Republicans only have a nine-vote majority in the House. That means they can only lose four votes if they want to pass legislation.
McCarthy is facing a rebellion from about 10–15 of the most conservative members of his caucus. Some of them want separate appropriations bills (that’s not happening). Some of them refuse to vote on any CR ever; they want to hit the Sept. 30 deadline. That’s not happening either.
Others are more flexible on timing, but want some conditions on a CR that would impose specific spending caps when the Congress does finally get around to passing individual appropriations.
McCarthy has proposed a 30-day CR with some prospective spending caps. This would never be agreed to by the Senate, but at least it would move the process out of the House and put the ball in the Senate’s court.
More importantly, it satisfies most of the conservative House members who are putting up a fight about total spending and specific programs. They still want separate votes on separate bills, but they’re willing to wait 30 days to try to work things out.
McCarthy’s problem is that there are still six members who won’t agree to this 30-day compromise. Not all of the six have the same wish list. There are two or three who are “Never CR” people.
McCarthy can afford to lose them because he has a four-vote cushion. But there are a few more who want tighter promises on the spending caps. That’s enough to sink the entire process and that’s exactly what’s happening.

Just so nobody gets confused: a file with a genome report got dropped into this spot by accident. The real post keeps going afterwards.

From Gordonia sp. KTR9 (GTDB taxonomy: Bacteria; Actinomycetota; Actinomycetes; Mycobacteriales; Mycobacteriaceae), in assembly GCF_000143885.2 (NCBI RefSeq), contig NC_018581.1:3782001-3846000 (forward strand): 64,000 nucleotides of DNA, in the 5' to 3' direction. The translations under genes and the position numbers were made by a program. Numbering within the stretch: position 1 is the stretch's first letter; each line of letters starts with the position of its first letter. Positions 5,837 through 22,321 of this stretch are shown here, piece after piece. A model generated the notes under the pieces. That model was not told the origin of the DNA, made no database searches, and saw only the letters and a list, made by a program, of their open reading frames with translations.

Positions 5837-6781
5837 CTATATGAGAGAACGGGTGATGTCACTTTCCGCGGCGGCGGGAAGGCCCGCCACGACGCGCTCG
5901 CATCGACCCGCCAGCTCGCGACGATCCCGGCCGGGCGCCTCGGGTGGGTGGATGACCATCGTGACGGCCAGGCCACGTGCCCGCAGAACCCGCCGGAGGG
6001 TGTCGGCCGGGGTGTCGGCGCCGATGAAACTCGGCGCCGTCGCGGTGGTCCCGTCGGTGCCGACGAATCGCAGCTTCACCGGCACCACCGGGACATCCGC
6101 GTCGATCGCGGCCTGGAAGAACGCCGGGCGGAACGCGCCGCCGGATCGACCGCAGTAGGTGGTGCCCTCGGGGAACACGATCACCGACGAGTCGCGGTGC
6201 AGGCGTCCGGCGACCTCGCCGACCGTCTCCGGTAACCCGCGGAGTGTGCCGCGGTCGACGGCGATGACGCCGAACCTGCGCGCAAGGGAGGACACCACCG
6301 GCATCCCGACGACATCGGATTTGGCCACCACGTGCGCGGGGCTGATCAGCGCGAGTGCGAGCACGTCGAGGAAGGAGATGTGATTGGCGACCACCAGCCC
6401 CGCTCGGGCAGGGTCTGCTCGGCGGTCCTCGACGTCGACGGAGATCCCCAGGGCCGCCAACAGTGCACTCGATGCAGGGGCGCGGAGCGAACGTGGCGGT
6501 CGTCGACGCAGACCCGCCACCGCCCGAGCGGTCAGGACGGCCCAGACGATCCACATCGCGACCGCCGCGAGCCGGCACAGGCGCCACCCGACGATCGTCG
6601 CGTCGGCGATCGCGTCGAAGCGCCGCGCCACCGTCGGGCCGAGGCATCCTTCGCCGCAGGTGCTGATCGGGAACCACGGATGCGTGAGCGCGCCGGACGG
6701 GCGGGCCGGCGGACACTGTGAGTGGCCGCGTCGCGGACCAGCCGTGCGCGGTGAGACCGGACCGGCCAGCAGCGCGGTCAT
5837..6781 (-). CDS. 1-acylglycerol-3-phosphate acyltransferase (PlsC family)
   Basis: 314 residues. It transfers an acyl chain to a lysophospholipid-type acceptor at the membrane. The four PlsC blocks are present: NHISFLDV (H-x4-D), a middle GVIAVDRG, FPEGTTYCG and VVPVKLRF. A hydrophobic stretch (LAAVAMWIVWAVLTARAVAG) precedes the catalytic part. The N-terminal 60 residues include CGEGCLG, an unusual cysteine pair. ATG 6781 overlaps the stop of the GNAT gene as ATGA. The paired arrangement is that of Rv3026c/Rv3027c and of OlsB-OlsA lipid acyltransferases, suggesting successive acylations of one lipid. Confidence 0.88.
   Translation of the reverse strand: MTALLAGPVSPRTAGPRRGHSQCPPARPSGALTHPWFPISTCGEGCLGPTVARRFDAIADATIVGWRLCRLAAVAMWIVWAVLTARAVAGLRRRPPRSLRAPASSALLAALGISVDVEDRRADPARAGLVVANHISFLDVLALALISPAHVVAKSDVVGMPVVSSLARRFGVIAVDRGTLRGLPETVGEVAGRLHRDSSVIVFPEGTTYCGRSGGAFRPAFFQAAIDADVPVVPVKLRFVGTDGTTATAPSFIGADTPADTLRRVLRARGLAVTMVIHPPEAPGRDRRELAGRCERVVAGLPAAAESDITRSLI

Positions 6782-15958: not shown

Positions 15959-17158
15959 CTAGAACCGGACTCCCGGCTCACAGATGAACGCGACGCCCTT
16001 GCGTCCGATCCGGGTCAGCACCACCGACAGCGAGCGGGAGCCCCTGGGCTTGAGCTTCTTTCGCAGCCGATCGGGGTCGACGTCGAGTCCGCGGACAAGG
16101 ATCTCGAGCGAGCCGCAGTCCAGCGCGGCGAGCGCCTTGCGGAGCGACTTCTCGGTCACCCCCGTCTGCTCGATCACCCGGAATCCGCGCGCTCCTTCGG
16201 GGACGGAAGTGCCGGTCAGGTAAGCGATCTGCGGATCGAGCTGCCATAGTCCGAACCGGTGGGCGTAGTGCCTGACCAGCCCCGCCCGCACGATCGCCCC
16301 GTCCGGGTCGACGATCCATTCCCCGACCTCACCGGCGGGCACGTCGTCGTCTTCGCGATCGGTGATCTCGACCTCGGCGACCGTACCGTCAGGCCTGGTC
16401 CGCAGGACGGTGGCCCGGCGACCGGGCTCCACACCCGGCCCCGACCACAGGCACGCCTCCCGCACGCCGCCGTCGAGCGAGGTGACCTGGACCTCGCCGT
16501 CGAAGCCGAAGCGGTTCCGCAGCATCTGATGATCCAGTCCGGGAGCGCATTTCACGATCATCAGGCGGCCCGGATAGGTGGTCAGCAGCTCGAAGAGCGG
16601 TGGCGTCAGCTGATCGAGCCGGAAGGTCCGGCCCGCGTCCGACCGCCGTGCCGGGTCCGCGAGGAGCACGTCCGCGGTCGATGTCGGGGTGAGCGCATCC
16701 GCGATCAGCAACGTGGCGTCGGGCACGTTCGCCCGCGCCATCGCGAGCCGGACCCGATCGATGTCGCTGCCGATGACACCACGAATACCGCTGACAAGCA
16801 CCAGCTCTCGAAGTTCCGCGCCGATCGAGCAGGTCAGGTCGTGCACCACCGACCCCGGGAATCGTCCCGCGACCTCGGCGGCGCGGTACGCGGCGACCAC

Over the course of Sept. 20 and 21, McCarthy lost two key procedural votes on the rules that must occur before the substantive vote on the 30-day CR. McCarthy finally gave up, sent everyone home and will pick up the process this week with just days to go before the Sept. 30 deadline.
Meanwhile, the Senate is trying to rush through its own CR to get ahead of the House. If they can do it, they’ll be able to blame the House for the overall failure if there is one. Most of the Republican leadership in the Senate are in the RINO category (McConnell, Thune, Ernst, Romney, Cornyn, etc.) so they don’t mind blaming the House conservatives one bit.
It’s possible this is just a game of chicken and that the CR will pass in some form late on Sept. 30. My view is that’s unlikely. The divisions are not only between House and Senate, and Democrats and Republicans. There are serious divides within the Republican House caucus between budget radicals and moderate get-along types.
This shutdown is different because it’s not about a specific policy issue such as Obamacare or the wall. It’s about the way the entire government finances itself and ways to cut spending to restore some fiscal sanity to Washington. Those are the biggest budget issues since the current budget process was enacted in 1976.
The radicals are dug in. The RINOS are circling. The Democrats are cheering the shutdown on because they believe it only hurts Republicans. If this shutdown occurs, it could last longer than the 35-day standoff between Trump and Pelosi in 2018. That could do serious damage to an economy that’s already on the edge of recession.
Investors should hope for the best but prepare for the worst. That means reducing equity exposure now and increasing cash allocations until some clarity is restored. That may take the month of October. It may take even longer.